Harrington also explained that at Vernon, they would cut back on co-curricular activities other than student council, Leaders’ Club, and intramural sports. In response to a question, from board member Maryann Santos, Harrington replied that such activities as the chess club and the art club would be cut.

There are other anticipated expenses relating to taxes and other issues, Harrington explained. By taking a “calculated risk” and not including them in the budget — because of indications that the district will ultimately not have to pay for them — the district would save $220,000.

At the next meeting, March 19, Harrington noted, the board will consider the issue of revenue.  She also explained that there is still hope that some state aid will be restored.

In other action, the board approved the hiring of a new science and technology learning supervisor, Janna Ostroff, for kindergarten through high school. “We are quite happy,” Harrington said, “to add her to our already amazing team.”

News

On Saturday, July 5, Building J on the Western Waterfront was opened to the public for a free concert of classical music played by talented youth in the Oyster Bay Music Festival. The acoustics in the large metal shed were lively as the backdrop of the Ida May, a wooden oyster dredge under construction, lent artisanal flavor to the rich stew of mostly sea-related musical selections. People sat on stacks and benches of freshly milled wood or stood in the cavernous space. They soaked in beautiful solos, duets and trios that combined voice, piano, flute, cello and violin. Frank M Flower & Sons provided fresh oysters that engaged the palate, and representatives from Steinway & Sons gave a quick overview of how their pianos are made, relating several aspects of their meticulous process to the construction of the Ida May.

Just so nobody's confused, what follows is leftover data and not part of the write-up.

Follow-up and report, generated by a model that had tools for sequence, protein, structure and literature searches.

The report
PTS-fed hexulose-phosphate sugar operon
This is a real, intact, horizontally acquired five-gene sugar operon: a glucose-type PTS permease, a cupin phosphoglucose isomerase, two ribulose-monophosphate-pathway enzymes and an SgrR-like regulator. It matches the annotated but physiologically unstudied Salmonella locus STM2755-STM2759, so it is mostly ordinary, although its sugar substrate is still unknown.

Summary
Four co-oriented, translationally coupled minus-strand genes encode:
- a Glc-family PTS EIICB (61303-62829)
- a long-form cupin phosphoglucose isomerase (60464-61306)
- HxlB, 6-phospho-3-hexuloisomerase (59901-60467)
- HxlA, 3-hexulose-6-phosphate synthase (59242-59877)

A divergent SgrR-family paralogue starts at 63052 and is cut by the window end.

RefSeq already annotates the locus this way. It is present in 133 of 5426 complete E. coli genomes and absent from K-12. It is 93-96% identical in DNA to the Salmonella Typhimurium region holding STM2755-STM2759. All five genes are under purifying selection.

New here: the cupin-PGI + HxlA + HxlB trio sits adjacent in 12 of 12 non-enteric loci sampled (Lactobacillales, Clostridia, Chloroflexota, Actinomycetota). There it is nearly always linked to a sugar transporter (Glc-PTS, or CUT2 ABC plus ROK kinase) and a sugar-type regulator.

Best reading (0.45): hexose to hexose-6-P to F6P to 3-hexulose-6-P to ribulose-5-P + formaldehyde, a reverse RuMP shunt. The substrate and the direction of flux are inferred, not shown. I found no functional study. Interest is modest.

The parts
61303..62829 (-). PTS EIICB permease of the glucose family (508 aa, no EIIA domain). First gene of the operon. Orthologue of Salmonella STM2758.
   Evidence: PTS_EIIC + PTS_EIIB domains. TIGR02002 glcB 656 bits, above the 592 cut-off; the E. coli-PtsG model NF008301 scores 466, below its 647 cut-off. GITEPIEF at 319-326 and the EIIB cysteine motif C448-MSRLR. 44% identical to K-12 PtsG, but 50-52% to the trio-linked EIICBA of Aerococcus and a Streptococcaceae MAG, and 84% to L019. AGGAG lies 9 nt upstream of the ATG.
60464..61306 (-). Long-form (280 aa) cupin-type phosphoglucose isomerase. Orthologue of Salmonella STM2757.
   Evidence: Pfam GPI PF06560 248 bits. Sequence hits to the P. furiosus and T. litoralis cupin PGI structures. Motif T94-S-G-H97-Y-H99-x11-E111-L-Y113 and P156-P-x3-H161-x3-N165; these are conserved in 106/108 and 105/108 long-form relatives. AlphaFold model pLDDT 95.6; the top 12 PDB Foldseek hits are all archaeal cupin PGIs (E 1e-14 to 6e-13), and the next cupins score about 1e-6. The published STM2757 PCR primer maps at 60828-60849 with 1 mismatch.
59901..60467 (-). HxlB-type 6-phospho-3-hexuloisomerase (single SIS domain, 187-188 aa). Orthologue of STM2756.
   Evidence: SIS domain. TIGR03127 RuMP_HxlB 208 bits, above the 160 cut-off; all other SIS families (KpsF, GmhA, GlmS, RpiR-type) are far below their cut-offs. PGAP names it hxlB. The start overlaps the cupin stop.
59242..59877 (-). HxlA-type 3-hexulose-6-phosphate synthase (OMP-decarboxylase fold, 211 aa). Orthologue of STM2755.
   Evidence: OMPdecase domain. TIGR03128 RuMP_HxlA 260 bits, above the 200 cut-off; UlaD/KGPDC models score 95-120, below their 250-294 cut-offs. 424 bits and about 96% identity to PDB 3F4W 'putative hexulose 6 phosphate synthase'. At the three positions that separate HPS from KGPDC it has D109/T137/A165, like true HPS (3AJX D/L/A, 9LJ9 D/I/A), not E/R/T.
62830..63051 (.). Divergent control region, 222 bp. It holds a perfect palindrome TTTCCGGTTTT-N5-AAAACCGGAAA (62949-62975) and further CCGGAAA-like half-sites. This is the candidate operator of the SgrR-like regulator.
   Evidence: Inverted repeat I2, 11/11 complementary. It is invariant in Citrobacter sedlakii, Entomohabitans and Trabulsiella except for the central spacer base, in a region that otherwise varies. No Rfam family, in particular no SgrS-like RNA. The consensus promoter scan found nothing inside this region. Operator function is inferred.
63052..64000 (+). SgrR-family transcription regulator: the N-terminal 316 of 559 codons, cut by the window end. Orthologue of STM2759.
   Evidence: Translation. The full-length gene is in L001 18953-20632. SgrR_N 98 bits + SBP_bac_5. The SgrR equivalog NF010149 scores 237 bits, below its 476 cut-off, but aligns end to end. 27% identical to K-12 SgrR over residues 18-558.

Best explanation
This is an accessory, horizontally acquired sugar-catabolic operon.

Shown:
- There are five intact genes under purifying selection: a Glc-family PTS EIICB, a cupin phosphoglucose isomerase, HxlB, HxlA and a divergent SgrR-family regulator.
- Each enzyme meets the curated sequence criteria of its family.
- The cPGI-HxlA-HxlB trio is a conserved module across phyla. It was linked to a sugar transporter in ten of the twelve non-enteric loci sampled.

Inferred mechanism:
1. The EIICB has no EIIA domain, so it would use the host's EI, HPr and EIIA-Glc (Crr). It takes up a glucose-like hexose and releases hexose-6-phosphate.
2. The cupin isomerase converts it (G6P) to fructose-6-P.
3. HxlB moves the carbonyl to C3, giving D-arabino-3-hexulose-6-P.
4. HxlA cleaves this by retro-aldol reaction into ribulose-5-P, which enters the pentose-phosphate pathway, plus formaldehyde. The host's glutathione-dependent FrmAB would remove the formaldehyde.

Last week was one of Oyster Bay’s biggest, most anticipated summer events, the Italian American Society’s St. Rocco’s Festival. Returning to its usually spot in Fireman’s Field on Shore Avenue, the festival was filled with amusement rides, live music, and great food and company.

“We come every year to St. Rocco’s with friends,” said Laura Regan of East Norwich. “The rides and awesome food make it a lot of fun.”


Sports

Oakcliff’s intensive training program provided a high level of competition last weekend at the U.S. Women’s Match Racing Championship in Oyster Bay.

This year, the teams selected for the event were highly ranked through the United States, and several of the competitors are past and current Oakcliff trainees, including Elizabeth Shaw, Kathryn Shiber, Madeline Gill, and Danielle Gallo.

A total of 11 members of St. Dominic Track Team (grades 1-8) recently medaled at the Nassau-Suffolk CYO Championship Finals at Mitchel Field. In the finals, the athletes competed against the finalists from all three regions, representing more than 2,500 athletes from 23 other parishes.

In addition to the student athletes’ success, the track coaches were honored as well. St. Dominic CYO Track coaches Phil Schade (grades 1-3), Julie and Mike Keffer (grades 4-6) and Rich Cameron (grades 7-8) were selected by peer coaches in their region for the NSCYO Team Sportsmanship Award. The Saint Dominic CYO track program, in its second year, has already proven to be a force to be reckoned with and the young runners are among the best on Long Island.


Calendar

OB Band Concerts

Wednesday, July 23

Music Under The Stars

Friday, July 25

Annual Chicken BBQ

Saturday, July 26



Columns

1959: The Year The Music Stopped Playing
Written by Michael A. Miller, mmillercolumn@gmail.com

The Eccentric Heiress Of ‘Empty Mansions’
Written by Mike Barry, MFBarry@optonline.net

Yellow Margarine And A Pitch For The Ages
Written by Michael A. Miller, mmillercolumn@gmail.com